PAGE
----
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abuse according accused action answer appointed bishops brought called Cambridge cause certain character Christ Christian Church clear clergy Commission common covetousness Cranmer Cromwell death desire doctrine doubt duty England English evil examined expressed favour follow Foxe friends give God's hand hath hear heard heart held Henry heretics judge kind king king's labour land Latimer Latimer's learning leave letter living London Lord matter means mind never opinions Parliament party passed person poor pope position preach preacher priests prison Protestant purgatory question realm refers Reformation refused religion religious result riches scholars Scripture seems Sermons severe showed speak strong strongly suffer sure taken tell things thought tion trouble true truth unto whole Worcester writes
Seite 120 - My father was a yeoman and had no lands of his own, only he had a farm of ^"3 or £\ by the year, at the uttermost, and hereupon he tilled so much as kept half a dozen men. He had walk for a hundred sheep, and my mother milked thirty kine.
Seite 2 - He had walk for a hundred sheep, and my mother milked thirty kine. He was able, and did find the King a harness, with himself and his horse ; while he came to the place that he should receive the King's wages. I can remember that I buckled his harness when he went into Blackheath field. He kept me to school, or else I had not been able to have preached before the King's Majesty now.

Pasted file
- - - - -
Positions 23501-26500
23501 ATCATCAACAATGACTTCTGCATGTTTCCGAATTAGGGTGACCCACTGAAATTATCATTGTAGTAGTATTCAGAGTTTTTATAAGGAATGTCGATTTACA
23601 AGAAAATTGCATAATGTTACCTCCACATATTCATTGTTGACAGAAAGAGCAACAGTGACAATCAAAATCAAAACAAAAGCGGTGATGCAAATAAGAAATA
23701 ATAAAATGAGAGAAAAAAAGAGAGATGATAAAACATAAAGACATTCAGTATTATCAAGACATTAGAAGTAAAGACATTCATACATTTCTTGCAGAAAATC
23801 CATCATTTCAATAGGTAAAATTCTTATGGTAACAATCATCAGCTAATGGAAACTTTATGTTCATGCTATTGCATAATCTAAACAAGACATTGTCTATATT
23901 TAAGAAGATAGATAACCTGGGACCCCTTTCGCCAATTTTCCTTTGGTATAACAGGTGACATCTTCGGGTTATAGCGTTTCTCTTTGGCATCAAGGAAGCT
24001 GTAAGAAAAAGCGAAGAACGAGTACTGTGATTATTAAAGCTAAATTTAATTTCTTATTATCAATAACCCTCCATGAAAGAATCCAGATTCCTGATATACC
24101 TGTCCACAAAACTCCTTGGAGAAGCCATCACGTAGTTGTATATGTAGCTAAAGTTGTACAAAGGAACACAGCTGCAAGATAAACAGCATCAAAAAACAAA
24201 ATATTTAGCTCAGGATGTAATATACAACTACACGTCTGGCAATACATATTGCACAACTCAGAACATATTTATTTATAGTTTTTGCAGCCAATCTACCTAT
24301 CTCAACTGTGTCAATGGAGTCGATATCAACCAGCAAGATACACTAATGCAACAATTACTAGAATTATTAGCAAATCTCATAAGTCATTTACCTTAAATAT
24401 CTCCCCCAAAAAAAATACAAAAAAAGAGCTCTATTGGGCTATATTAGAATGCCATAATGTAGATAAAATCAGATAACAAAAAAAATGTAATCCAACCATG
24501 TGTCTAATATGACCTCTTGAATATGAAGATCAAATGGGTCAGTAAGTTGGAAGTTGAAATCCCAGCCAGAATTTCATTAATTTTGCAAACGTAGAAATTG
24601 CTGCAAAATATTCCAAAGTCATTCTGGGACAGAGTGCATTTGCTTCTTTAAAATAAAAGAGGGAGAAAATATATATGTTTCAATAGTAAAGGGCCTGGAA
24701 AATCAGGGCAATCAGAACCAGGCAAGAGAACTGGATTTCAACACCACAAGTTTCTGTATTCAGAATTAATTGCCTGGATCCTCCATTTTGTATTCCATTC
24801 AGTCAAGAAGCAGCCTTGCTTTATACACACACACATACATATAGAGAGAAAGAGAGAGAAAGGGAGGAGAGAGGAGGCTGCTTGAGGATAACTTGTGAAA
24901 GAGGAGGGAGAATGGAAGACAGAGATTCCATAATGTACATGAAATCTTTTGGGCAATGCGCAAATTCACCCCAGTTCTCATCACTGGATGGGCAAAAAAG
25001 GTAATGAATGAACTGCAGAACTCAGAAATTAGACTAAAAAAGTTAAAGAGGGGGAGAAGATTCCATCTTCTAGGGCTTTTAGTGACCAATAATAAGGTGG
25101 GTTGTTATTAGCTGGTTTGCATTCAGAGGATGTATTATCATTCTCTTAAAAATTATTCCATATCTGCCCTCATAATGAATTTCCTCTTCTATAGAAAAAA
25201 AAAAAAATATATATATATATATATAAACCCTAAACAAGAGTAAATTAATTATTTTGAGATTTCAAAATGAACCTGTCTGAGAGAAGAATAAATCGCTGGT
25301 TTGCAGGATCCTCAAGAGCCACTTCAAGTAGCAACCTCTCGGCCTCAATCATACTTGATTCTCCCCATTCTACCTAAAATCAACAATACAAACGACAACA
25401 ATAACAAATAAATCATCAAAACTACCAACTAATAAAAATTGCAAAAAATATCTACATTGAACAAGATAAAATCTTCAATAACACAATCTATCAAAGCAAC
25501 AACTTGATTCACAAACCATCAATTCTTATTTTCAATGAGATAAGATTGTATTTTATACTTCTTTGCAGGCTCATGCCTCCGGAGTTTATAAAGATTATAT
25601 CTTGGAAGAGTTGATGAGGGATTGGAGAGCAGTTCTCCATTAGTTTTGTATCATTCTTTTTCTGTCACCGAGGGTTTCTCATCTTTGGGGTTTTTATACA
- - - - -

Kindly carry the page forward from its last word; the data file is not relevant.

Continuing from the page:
Seite 121 - He married my sisters with five pound, or twenty nobles apiece ; so that he brought them up in godliness and fear of God. He kept hospitality for his poor neighbours, and some alms he gave to the poor. And all this he did of the said farm, where he that now hath it payeth sixteen pound by year, or more, and is not able to do anything for his prince, for himself, nor for his children, or give a cup of drink to the poor.
Seite 171 - Be of good comfort, Master Ridley, and play the man. We shall this day light such a candle, by God's grace, in England, as I trust shall never be put out.
Seite 144 - He was, I heard say, a covetous man, a covetous man indeed : I would there were no more in England ! He was, I heard say, an ambitious man : I would there were no more in England ! He was, I heard say, a seditious man, a contemner of common prayer : I would there were no more in England ! Well : he is gone. I would he had left none behind him ! Remember you, my lords, that you pray in your houses to the better mortification of your flesh.
Seite 131 - But London was never so ill as it is now. In times past men were full of pity and compassion, but now there is no pity; for in London their brother shall die in the streets for cold, he shall lie sick at the door between stock and stock, I cannot tell what to call it, and perish there for hunger: was there ever more unmercifulness in Nebo?
Seite 168 - Christ's body ; and yet the bread is still bread, and the wine still wine. For the change is not in the nature, but in the dignity ; because now that which was common bread hath the dignity to exhibit Christ's body : for whereas it was common bread, it is now no more common bread, neither ought it to be so taken, but as holy bread sanctified by God's word.
Seite 121 - I say ye pluck salvation from the people and utterly destroy the realm. For by yeomen's sons the faith of Christ is and hath been maintained chiefly.
Seite 2 - My father was a yeoman, and had no lands of his own, only he had a farm of three or four pound by year at the uttermost, and hereupon he tilled so much as kept half a dozen men. He had walk for a hundred sheep ; and my mother milked thirty kine.